It is normal to experience highs and lows, and most of us get upset when we come across difficulties. While the negative feelings that accompany distressing events or situations are usually transitory, for some people, these feelings can last a long time and can become quite serious.
The term “depression” refers to a long period of time during which a person feels extremely unhappy to the point of experiencing feelings of worthlessness, hopelessness and helplessness. Depression can be triggered by stress, a loss, or a traumatic event, although sometimes it seems to occur for no particular reason. Depression commonly affects all aspects of our lives, such as relationships and physical health, and can become increasingly debilitating if left untreated.
One fact about depression that is seldom addressed is that it is a disorder that does not only affect adults – it can affect children and teenagers as well, and is just as devastating for them as it is for us.
Symptoms of depression in children and teenagers
If your child is depressed, she/he is unlikely to talk to you about it, as she/he will probably assume that no one can understand how she/he feels. Thus, it is important to be sensitive to warning signs, which are usually best detected by changes in your child’s behavior. Some of the common signs of depression can occur when school, social or family pressures become too overwhelming. Some of the following symptoms might be indicative that your child is suffering from depression:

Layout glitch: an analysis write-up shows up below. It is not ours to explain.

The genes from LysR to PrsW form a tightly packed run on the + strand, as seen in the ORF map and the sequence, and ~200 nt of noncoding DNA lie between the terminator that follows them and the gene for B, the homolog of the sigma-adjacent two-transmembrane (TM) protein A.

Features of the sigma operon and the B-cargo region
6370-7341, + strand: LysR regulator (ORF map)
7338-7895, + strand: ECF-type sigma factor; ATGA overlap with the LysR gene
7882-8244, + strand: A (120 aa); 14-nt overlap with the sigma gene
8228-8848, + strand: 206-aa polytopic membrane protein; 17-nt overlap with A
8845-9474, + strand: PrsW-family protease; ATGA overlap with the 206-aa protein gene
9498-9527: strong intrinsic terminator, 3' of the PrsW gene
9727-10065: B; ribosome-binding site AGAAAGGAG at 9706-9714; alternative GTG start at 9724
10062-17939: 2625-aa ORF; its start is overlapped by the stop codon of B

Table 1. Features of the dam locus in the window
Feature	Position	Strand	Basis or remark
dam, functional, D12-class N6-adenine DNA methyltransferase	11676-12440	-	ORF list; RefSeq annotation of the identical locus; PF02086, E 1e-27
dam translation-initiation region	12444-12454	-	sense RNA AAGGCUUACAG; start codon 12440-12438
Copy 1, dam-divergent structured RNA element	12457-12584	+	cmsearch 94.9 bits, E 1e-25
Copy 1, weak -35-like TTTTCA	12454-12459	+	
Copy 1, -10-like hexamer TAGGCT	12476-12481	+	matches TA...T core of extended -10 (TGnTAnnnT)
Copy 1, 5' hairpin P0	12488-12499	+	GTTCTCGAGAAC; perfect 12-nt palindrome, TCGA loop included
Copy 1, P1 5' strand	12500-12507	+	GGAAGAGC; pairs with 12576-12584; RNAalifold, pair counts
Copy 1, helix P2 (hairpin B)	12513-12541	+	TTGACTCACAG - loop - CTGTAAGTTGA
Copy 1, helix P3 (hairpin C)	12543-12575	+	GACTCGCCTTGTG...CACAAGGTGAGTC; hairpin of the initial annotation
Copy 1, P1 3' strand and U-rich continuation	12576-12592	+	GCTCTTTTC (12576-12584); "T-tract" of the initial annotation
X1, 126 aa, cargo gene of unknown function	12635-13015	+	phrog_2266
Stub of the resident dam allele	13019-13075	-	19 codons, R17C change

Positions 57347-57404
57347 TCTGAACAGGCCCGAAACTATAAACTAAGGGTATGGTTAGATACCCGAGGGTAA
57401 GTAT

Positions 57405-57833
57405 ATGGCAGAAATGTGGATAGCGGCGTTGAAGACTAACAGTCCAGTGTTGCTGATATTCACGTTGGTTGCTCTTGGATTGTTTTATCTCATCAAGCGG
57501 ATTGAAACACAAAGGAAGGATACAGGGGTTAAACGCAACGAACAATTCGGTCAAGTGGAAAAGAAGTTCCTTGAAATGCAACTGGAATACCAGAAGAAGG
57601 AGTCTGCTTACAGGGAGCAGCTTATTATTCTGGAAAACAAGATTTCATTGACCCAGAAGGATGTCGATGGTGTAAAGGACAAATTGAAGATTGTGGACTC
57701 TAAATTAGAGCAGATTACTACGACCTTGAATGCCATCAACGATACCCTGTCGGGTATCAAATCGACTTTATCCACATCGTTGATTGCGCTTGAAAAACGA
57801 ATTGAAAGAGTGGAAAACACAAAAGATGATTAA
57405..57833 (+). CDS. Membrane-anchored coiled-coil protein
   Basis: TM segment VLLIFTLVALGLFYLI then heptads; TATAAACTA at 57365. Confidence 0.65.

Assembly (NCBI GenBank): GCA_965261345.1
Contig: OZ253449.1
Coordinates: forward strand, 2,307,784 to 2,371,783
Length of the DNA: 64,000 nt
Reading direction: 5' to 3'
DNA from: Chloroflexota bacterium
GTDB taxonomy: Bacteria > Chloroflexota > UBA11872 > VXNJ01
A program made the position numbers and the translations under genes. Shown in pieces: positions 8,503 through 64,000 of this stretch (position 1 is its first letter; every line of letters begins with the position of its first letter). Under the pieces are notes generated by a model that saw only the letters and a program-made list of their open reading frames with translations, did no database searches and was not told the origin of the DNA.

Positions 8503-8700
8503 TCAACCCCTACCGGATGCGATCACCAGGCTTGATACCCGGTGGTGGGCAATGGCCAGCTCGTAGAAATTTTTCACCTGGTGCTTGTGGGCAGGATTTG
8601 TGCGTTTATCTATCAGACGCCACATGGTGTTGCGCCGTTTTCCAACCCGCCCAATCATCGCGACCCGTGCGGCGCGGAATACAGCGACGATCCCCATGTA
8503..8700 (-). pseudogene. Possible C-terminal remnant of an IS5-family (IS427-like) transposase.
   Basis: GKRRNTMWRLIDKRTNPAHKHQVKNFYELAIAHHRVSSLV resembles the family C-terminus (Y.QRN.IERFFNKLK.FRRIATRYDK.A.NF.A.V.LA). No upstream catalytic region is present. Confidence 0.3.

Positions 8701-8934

• Signs that your child is unhappy or feeling worried, guilty, angry, fearful, helpless, hopeless, lonely or rejected
• Headaches or other aches and pains
• Lack of energy, extreme fatigue, sleeping, eating and concentration disturbances
• Low self-esteem and self-destructive behavior
• Negative thoughts
• Social withdrawal
• Poor grades
• Lack of interest in activities that she/he normally enjoys
• Sudden outbursts of anger or tears
If you believe your child is depressed, you should seek professional help for your child as soon as possible. Know that depression is very treatable, and that children and teenagers can be helped to overcome depression with effective psychological treatment.
Take care of yourself as a parent of a child suffering from depression
It is also important to acknowledge your own feelings and experience as a parent of a child suffering from depression. Since it is not always known why children become depressed, you might find yourself experiencing feelings of guilt and frustration. It can be very difficult to handle the needs of a depressed child. As a parent, you could benefit from consulting a Montreal psychologist or Montreal therapist to learn how to cope with your own feelings concerning your child’s depression.